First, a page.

By Debbie Gregory.
There are approximately one million Veterans who are currently reporting for duty at college campuses across America. At the start of each semester, there are thousands of Vets attending college classes for the first time. Many of these new Veteran students enter their respective enrollment offices with feelings similar to the ones they had when they were potential recruits at MEPS, trying to enlist. Most new Veteran students are unsure what to expect from the admission procedure, their Veteran GI Bill education benefits, the application forms, or enrollment.
Many Veteran-friendly college and university campuses are now offering assistance to Vets, even before they are enrolled. These schools and their Veteran Centers will walk new, current, and potential students through every aspect of their academic pursuits, with astoundingly successful results. Too many Veterans don’t know about these valuable, stress-reducing resources. Often times, these Veteran-friendly schools are not publicized, promoted, or praised enough!
However, there are many schools that don’t currently measure up to the standard that Veteran students deserve. Too many schools are still failing to train faculty and staff about Veteran education benefits. Usually, this is due to a lack of funding, or a lack of training, and NOT from any sort of maliciousness. Veteran students have received bad or incorrect advice about their benefits and academic advising. Unfortunately, these schools are the ones that make headlines, rather than the schools that are effectively helping Vets.
This year at California State University Los Angeles, a group representing the 400 veterans attending the school voted no confidence in the administration. There were complaints about academic advisors recommending classes and programs that were detrimental to their Veteran education benefits. Additionally, the school administration had failed to follow through on a proposal to establish a resource center that would provide a full range of counseling, orientation and other services.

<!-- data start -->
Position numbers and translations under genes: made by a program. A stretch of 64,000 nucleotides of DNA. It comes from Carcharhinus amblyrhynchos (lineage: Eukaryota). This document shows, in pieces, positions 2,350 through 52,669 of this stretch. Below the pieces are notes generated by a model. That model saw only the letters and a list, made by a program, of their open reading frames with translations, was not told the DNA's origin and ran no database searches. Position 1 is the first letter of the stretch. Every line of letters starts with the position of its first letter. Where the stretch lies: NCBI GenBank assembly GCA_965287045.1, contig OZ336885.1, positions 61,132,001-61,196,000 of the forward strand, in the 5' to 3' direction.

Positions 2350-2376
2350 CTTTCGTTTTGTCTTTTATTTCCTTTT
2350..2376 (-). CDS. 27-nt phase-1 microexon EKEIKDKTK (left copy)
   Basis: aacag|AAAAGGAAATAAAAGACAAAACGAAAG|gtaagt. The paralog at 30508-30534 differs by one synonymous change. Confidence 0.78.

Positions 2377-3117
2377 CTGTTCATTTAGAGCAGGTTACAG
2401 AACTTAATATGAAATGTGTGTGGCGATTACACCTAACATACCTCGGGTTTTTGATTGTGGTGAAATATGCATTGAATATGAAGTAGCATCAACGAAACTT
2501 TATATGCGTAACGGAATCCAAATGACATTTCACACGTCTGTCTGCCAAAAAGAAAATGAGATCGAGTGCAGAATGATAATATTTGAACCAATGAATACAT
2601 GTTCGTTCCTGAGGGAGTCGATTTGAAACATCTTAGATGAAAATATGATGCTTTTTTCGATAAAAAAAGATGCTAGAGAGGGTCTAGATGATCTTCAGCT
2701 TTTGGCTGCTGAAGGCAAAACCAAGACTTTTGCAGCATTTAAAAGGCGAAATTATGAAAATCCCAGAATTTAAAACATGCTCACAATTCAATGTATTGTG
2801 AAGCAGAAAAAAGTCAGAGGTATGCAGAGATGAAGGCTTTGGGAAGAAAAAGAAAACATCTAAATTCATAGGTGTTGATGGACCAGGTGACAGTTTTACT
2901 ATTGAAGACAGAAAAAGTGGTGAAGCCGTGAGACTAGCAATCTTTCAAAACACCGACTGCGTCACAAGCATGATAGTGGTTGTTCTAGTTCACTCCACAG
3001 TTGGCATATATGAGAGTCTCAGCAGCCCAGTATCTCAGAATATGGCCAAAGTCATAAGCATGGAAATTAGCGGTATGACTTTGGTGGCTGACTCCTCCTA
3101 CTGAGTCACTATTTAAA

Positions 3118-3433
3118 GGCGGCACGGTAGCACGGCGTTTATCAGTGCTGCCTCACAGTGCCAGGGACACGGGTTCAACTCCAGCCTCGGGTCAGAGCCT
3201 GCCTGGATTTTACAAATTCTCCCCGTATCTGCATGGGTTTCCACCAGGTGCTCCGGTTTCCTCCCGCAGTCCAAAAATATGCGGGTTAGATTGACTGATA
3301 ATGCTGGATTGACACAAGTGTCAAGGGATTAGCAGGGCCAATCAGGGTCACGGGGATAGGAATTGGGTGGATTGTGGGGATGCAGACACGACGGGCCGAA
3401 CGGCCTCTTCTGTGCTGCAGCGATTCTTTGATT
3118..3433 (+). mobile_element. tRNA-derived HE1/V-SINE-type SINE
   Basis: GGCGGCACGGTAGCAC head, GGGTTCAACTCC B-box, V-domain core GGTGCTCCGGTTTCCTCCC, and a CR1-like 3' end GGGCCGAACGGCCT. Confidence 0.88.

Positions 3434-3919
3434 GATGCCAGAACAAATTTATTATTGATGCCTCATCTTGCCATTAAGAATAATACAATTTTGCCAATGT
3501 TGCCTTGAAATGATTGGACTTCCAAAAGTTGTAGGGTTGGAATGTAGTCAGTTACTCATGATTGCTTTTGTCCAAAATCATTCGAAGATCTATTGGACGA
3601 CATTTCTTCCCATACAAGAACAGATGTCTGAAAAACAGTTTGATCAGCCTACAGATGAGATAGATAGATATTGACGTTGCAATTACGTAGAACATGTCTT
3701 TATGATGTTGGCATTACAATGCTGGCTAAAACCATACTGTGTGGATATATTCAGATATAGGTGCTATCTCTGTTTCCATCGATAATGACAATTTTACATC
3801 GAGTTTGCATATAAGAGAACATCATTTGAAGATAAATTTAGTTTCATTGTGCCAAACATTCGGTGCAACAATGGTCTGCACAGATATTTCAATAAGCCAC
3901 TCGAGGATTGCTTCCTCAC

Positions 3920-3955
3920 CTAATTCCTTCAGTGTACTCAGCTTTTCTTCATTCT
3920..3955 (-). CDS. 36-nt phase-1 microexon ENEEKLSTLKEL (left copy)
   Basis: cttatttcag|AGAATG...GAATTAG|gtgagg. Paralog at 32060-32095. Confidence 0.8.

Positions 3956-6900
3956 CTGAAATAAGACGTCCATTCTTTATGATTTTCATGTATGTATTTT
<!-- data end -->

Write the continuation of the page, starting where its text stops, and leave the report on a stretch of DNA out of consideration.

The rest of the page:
This article is not meant to denounce Cal State LA, a school that has already begun to correct their deficiency. This article is meant to educate and empower Veterans who are looking to attend college. The school closest to their residence is not necessarily the one that Vets should be attending. Before they enroll at a school, Vets should shop around and make sure that the school that they wish to attend offers both the academic programs they desire and the student Veteran resources that they require to accomplish their professional goals. Prospective Veteran students are encouraged to browse a school’s website, take a tour of the campus, talk to the schools admissions office and absolutely contact the school’s Veteran Resource Center. Veterans should really research their schools, degrees and majors before enrolling, and part of that research should be to make sure that their school is Veteran-friendly.
All schools should strive to become the most Veteran-friendly that they can be. In addition to the one million Veteran students currently enrolled, colleges and universities can expect about a million more in the next few years. Already armed with the confidence that comes from battle-tested character building–– once equipped with college educations, today’s Veteran Students will become tomorrow’s community & national leaders. Schools should see investing in their Veterans as an investment in the future.
Vets attending college classes for the first time, Veteran-friendly college and university campuses, academic advisors recommending classes and programs, browse a school’s website, take a tour of the campus, talk to the schools admissions office, contact the school’s Veteran Resource Center.